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Stir us up, Lord

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The Sunday before the first Sunday in Advent is known as either Christ the King, the Reign of Christ, or the very prosaic Sunday next before Advent. When I was growing up it was also known as ‘Stir-up Sunday’, because in the Anglican tradition the collect appointed for the Sunday next before Advent is the rather wonderful:

Stir up, O Lord, the wills of your faithful people; that they, plenteously bringing forth the fruit of good works, may by you be plenteously rewarded; through Jesus Christ our Lord. Amen. (Common Worship)

Christ the King. What sort of ideas does that provoke in your mind? We’ve had a royal sort of week, with the announcement of the engagement of young William Wales. An event like that tends to make us think about things royal. When we think of kings we think about power, wealth, prestige, status and adoration. The Queen tends to play down such things these days, but that is what the institution is all about. Monarchies are systems in which power trickles down from the top - the Queen gives power to the parliament, which gives power to official organs of government, which empowers officials, who do things to people. Republics are supposed to be different, power coming from the people and being delegated to office bearers, but in reality they differ little from monarchies. I have mused that the idea of Christ the King is attractive to the institutional church because then the ‘trickle down’ idea of power can be made explicit. Christ is the King, power flows to bishops, and from them to priests and deacons, finally being permitted to the laity under certain circumstances provided they have a licence. How different this is to the sort of king Jesus actually is, which also says a lot about the sort of kingdom the Kingdom of God actually is.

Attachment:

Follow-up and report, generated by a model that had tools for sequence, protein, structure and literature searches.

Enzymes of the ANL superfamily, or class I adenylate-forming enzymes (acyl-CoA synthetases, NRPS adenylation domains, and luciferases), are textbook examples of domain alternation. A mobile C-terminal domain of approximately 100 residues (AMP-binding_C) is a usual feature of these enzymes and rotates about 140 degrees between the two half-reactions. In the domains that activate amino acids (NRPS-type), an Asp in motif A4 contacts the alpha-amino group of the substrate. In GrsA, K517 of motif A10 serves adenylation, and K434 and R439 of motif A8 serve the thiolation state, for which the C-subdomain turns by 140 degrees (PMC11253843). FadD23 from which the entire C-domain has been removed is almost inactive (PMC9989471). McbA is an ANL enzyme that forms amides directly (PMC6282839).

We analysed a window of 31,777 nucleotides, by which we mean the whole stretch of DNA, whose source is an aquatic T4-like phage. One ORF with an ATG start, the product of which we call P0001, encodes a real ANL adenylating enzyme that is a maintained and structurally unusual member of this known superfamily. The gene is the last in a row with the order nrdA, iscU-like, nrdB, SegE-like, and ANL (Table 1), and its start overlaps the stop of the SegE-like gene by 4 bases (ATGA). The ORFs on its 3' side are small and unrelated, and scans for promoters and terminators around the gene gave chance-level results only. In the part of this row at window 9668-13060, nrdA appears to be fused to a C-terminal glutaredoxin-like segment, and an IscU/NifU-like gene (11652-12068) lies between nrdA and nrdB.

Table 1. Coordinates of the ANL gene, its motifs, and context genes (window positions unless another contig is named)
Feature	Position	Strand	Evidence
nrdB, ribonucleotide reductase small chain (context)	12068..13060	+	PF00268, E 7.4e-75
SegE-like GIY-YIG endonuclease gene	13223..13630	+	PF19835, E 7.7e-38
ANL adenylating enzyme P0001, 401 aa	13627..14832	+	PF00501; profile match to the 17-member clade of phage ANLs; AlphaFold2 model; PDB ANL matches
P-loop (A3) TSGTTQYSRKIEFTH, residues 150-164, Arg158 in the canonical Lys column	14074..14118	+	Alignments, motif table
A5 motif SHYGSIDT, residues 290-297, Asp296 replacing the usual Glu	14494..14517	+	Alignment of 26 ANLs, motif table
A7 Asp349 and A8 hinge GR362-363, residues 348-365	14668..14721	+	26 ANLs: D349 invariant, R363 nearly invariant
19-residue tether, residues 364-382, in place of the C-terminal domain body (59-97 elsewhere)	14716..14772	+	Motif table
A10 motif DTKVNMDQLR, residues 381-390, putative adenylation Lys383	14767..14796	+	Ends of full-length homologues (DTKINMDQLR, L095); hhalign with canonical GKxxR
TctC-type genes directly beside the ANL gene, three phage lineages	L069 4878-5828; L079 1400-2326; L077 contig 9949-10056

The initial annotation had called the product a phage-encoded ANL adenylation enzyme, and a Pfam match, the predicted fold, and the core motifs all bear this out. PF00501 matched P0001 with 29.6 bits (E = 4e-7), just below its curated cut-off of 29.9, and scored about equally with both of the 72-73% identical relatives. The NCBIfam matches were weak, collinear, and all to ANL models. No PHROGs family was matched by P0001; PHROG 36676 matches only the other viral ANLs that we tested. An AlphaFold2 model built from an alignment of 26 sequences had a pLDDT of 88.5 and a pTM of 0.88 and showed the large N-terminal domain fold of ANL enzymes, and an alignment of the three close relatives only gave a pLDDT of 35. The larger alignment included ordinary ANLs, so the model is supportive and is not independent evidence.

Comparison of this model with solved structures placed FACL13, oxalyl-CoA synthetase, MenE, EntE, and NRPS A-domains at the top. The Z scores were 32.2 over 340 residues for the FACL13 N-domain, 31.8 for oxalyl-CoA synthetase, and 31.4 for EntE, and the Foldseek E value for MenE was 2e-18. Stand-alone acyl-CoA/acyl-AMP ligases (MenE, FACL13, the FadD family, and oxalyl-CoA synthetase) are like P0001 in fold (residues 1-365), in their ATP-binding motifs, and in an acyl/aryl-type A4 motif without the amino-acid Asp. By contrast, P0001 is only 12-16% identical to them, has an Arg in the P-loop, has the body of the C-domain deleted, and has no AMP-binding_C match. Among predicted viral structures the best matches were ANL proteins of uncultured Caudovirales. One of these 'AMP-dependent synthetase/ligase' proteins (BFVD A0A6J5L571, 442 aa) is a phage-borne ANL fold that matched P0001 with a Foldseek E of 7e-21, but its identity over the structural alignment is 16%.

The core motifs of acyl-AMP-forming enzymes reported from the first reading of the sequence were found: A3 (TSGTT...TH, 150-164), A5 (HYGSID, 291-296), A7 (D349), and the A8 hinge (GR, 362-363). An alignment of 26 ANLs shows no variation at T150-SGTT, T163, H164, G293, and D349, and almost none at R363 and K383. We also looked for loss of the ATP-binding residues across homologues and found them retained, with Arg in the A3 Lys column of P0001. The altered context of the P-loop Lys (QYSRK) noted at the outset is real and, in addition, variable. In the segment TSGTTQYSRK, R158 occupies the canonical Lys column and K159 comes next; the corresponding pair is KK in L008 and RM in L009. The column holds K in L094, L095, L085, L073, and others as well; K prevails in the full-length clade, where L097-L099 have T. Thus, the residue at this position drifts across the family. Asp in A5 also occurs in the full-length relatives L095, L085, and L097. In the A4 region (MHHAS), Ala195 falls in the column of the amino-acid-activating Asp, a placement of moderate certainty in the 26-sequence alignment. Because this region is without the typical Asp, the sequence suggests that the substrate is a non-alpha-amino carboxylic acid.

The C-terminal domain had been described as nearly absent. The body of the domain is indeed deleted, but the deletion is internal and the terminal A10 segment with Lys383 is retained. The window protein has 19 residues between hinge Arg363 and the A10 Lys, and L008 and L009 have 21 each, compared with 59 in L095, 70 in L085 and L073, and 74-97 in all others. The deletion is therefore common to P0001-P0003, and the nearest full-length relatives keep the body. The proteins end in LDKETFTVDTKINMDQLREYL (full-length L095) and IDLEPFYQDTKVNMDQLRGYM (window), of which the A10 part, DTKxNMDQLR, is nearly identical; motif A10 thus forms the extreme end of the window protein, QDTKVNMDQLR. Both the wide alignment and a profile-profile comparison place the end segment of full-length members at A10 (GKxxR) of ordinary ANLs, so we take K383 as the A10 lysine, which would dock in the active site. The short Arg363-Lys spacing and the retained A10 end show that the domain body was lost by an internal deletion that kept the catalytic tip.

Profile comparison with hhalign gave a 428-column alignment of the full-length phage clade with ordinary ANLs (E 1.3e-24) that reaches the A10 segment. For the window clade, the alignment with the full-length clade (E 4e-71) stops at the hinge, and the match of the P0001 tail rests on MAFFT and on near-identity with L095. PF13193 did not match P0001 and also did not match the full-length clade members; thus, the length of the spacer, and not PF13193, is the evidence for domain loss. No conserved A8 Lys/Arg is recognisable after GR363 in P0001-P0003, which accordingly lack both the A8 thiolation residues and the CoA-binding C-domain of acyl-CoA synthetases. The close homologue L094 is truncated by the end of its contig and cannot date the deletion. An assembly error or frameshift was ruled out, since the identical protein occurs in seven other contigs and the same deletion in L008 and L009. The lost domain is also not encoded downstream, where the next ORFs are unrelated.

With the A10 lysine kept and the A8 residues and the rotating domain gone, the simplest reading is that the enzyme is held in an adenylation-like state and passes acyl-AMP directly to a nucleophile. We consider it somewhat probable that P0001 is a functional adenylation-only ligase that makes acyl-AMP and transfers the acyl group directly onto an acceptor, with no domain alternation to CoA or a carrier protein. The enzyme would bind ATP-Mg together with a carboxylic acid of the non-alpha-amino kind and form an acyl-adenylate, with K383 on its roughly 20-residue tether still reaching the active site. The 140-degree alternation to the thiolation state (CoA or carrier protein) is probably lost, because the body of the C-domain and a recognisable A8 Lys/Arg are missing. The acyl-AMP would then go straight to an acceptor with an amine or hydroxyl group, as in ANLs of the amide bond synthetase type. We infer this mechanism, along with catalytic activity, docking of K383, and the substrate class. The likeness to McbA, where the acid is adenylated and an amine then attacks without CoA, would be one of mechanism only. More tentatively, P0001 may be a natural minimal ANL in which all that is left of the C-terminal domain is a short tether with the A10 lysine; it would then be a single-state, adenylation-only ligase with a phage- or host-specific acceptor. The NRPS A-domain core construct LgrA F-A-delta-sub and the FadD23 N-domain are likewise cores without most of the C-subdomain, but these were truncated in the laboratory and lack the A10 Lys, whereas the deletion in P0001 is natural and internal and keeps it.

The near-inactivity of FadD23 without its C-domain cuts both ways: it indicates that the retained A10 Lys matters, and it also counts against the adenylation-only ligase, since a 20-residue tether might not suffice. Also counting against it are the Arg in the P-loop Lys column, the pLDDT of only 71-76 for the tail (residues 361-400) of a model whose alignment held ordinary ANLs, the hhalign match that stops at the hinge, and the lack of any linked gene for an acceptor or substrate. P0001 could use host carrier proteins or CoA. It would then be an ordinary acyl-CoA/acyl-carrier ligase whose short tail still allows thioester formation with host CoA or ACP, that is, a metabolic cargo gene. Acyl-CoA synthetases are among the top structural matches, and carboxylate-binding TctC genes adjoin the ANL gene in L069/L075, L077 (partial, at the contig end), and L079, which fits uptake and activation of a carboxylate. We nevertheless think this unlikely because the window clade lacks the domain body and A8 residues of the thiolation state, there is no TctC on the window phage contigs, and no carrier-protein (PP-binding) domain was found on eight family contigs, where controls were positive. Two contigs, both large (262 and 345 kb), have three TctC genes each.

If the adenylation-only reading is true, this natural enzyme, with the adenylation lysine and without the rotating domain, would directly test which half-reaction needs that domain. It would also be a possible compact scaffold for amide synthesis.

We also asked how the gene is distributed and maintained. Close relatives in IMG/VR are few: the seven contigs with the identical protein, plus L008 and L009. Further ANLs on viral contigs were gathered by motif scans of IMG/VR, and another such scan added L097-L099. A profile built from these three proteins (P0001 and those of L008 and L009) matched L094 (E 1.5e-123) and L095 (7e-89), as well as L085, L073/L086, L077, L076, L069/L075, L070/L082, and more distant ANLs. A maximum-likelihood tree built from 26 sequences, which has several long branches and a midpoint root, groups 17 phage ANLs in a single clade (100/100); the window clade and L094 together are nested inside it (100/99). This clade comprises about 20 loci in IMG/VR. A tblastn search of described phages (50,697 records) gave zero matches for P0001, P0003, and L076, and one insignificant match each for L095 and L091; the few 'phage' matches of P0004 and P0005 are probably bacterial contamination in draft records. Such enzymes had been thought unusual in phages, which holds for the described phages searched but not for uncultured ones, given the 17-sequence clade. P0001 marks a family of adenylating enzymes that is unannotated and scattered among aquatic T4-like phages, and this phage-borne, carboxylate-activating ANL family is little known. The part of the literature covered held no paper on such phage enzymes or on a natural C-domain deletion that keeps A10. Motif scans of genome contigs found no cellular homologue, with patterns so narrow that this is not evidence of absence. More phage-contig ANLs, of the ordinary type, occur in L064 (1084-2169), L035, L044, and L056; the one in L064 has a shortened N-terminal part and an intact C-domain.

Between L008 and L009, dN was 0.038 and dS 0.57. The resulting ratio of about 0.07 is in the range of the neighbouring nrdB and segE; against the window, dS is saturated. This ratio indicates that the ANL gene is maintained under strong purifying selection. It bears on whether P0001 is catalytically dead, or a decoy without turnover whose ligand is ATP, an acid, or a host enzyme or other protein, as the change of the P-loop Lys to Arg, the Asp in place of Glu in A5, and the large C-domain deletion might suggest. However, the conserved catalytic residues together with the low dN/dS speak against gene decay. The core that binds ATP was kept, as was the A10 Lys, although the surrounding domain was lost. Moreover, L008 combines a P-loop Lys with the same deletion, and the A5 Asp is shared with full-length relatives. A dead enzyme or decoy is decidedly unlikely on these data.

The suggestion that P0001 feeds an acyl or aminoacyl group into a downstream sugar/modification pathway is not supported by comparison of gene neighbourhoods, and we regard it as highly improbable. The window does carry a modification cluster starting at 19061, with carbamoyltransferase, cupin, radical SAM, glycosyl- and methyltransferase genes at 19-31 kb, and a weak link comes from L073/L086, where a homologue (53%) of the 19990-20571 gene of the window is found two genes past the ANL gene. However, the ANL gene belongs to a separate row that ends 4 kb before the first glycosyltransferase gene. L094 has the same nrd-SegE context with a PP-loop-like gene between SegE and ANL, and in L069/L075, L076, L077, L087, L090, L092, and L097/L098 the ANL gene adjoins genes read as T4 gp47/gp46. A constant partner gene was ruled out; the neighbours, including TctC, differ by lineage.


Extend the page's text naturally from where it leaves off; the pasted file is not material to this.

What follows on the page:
When they came to the place that is called The Skull, they crucified Jesus there with the criminals, one on his right and one on his left. Then Jesus said, “Father, forgive them; for they do not know what they are doing.” And they cast lots to divide his clothing. And the people stood by, watching; but the leaders scoffed at him, saying, “He saved others; let him save himself if he is the Messiah of God, his chosen one!” The soldiers also mocked him, coming up and offering him sour wine, and saying, “If you are the King of the Jews, save yourself!” There was also an inscription over him, “This is the King of the Jews.”